Proceedings of the Second Workshop organized by the U.S. Glass Industry on 10 February, 1999, in Washington, D.C., which presented information on latest technologies relating to Oxy-Fuel combustion for use in that industry. 26 Papers are presented in a series of "roundtables" in following subject areas: Oxygen Generation Technologies, Combustion and Emissions, Refractories, Process Optimization: Sensors & Modeling, and Waste Heat Recovery. Graphics of all presentations are included. Q&A and discussions followed. Includes full attendance list of 100+ glass industry
specialists.
Price:
Free  (plus $6.50 S&H in US) for orders outside US please call for shipping charges.

Order Book

Energy & Environmental Profile of the Glass Industry - April 2002

This detailed report benchmarks the energy and environmental characteristics of the key technologies used in the major processes of the glass industry.

Price:
Free  (plus $6.50 S&H in US) for orders outside US please call for shipping charges.

Order Book

GMIC Symposium – Alternatives for Energy Reduction May 2006

GOMD Spring 2006 Meeting)

GMIC Symposium CD with presentation on two different themes:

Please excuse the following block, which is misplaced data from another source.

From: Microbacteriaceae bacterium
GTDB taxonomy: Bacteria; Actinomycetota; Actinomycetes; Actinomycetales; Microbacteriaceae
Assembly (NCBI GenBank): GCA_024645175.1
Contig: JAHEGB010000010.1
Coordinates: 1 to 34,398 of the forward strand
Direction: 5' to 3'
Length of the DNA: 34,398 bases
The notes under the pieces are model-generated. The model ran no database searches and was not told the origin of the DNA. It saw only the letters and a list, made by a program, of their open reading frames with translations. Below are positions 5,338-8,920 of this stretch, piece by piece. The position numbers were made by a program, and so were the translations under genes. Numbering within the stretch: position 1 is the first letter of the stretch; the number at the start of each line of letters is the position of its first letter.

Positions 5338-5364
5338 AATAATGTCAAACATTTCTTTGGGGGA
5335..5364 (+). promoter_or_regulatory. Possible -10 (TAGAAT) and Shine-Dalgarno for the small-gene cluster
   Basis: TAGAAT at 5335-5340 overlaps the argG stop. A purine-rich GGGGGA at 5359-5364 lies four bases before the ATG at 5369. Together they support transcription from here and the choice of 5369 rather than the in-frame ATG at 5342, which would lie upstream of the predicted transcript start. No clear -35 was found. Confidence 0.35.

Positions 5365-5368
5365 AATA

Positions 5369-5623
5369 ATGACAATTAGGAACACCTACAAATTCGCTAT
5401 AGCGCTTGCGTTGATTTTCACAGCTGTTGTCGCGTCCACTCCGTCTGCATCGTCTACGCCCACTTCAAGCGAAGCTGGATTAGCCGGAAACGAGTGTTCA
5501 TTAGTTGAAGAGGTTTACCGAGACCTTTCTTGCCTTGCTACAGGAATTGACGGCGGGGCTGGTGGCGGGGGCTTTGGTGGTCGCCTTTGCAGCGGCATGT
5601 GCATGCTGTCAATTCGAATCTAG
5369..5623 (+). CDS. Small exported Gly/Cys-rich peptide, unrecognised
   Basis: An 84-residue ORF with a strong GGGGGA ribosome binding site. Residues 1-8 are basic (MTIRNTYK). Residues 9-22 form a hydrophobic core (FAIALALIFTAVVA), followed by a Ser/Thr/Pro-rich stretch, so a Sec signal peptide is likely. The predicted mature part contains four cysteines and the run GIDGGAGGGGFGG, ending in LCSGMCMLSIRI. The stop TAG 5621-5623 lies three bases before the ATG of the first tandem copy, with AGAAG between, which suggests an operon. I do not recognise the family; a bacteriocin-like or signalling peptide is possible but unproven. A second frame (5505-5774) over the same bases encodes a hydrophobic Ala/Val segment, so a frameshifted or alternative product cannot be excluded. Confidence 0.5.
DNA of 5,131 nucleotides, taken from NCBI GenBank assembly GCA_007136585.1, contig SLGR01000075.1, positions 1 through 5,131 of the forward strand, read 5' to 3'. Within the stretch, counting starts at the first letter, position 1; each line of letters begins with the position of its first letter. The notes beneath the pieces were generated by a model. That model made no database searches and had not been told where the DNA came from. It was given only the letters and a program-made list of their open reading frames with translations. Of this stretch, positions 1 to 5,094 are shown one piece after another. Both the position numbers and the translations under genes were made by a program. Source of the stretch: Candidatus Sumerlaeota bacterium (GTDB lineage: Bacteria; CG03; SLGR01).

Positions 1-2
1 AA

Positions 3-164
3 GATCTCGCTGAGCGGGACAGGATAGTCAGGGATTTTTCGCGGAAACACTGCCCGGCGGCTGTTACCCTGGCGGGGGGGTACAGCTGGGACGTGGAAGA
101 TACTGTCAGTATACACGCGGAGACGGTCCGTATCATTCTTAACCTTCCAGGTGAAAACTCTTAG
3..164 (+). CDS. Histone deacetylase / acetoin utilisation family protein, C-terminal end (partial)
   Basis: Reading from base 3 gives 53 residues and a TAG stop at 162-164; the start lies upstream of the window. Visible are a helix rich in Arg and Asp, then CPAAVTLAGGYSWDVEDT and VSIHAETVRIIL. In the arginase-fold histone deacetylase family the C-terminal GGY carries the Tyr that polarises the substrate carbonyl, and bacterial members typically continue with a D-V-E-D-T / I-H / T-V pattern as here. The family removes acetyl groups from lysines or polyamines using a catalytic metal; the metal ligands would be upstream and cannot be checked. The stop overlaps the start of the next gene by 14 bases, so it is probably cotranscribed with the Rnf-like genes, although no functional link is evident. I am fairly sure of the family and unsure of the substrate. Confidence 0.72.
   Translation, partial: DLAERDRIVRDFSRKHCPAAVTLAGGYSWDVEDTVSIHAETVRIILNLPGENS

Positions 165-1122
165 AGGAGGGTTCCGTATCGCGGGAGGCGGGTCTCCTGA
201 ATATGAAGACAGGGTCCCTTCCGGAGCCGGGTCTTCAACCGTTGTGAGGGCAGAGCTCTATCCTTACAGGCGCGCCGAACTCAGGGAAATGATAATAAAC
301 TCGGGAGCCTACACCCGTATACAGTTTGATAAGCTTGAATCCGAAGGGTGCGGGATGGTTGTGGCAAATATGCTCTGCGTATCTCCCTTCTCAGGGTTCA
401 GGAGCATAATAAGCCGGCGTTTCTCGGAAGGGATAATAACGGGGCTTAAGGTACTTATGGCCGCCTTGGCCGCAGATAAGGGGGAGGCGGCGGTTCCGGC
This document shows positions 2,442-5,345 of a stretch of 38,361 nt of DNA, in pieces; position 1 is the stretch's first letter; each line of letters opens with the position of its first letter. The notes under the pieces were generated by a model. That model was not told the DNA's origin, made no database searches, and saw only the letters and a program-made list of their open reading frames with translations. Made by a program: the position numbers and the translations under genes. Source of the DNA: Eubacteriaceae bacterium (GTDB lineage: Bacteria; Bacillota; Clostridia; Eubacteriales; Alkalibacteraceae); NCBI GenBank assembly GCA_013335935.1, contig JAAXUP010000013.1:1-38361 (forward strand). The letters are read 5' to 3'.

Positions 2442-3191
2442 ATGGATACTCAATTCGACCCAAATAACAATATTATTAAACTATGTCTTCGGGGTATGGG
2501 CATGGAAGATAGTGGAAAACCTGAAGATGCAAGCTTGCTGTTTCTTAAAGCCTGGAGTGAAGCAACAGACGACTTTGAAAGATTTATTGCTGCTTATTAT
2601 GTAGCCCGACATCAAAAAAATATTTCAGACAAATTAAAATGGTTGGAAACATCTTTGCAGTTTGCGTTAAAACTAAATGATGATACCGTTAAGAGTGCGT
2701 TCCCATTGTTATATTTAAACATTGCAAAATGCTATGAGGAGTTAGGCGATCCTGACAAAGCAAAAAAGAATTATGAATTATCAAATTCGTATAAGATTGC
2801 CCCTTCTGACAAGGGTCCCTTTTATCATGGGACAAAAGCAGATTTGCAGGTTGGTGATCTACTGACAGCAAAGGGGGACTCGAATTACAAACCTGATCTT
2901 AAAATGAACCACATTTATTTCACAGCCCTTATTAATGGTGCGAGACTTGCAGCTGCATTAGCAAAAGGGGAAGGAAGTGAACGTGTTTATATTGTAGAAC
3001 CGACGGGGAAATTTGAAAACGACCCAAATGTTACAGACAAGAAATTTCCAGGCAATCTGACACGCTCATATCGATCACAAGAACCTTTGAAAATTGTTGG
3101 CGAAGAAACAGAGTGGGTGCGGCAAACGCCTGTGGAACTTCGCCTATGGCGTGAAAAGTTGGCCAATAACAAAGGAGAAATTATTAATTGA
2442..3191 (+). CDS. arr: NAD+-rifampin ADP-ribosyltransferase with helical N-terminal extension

SYNGAS -  08:00 a.m. to 10:40 a.m.  speakers addressed the question of alternative fuel sources, focusing on the possibilities of “Syngas” derived from “clean coal gasification” being used as an alternative to increasingly expensive natural gas for glass melting.

GLASS MELTING APPROACHES - 10:40 a.m. to 4:00 p.m. speakers presented a number of different approaches that could be effectively adopted in glass melting so as to reduce the energy intensity of the melting process.

As a bonus, we have included the presentation presented by Fred Quan, the Meeting Keynote Speaker, on: “Shattering Stale Concepts – Re-Inventing the Glass Industry”.  Click here to review the documents appearing on the CD.

The cost: $25.00 includes shipping and handling

We can accept payment by check or credit/debit card (Visa, MasterCard or Discover -- NOT American Express - Credit card only for non-U.S. destinations please.  Contact Donna Ransom at 614-523-3033 or dransom@gmic.org

High Temperature Glass Melt Property Database for Process Modeling

September 2005

This work is the result of a study to develop a high-temperature melt properties database with sufficient comprehensive and reliability to allow mathematical modeling of glass melting and forming processes for improved product quality, improved efficiency and lessened environmental impact. ISBN 1-57498-225-7

Editors: Thomas P. Seward, III, Terese Vascott

The cost: $109.00 US/ $141.99 CAD/£64.50/€90.90

To order your copy visit Wiley at www.wiley.com

R & D Portfolio Documents

The last full solicitation was the 2002 program.  Programs that resulted from this were implemented in 2003 and, for the most part, completed in 2005.  These included the following: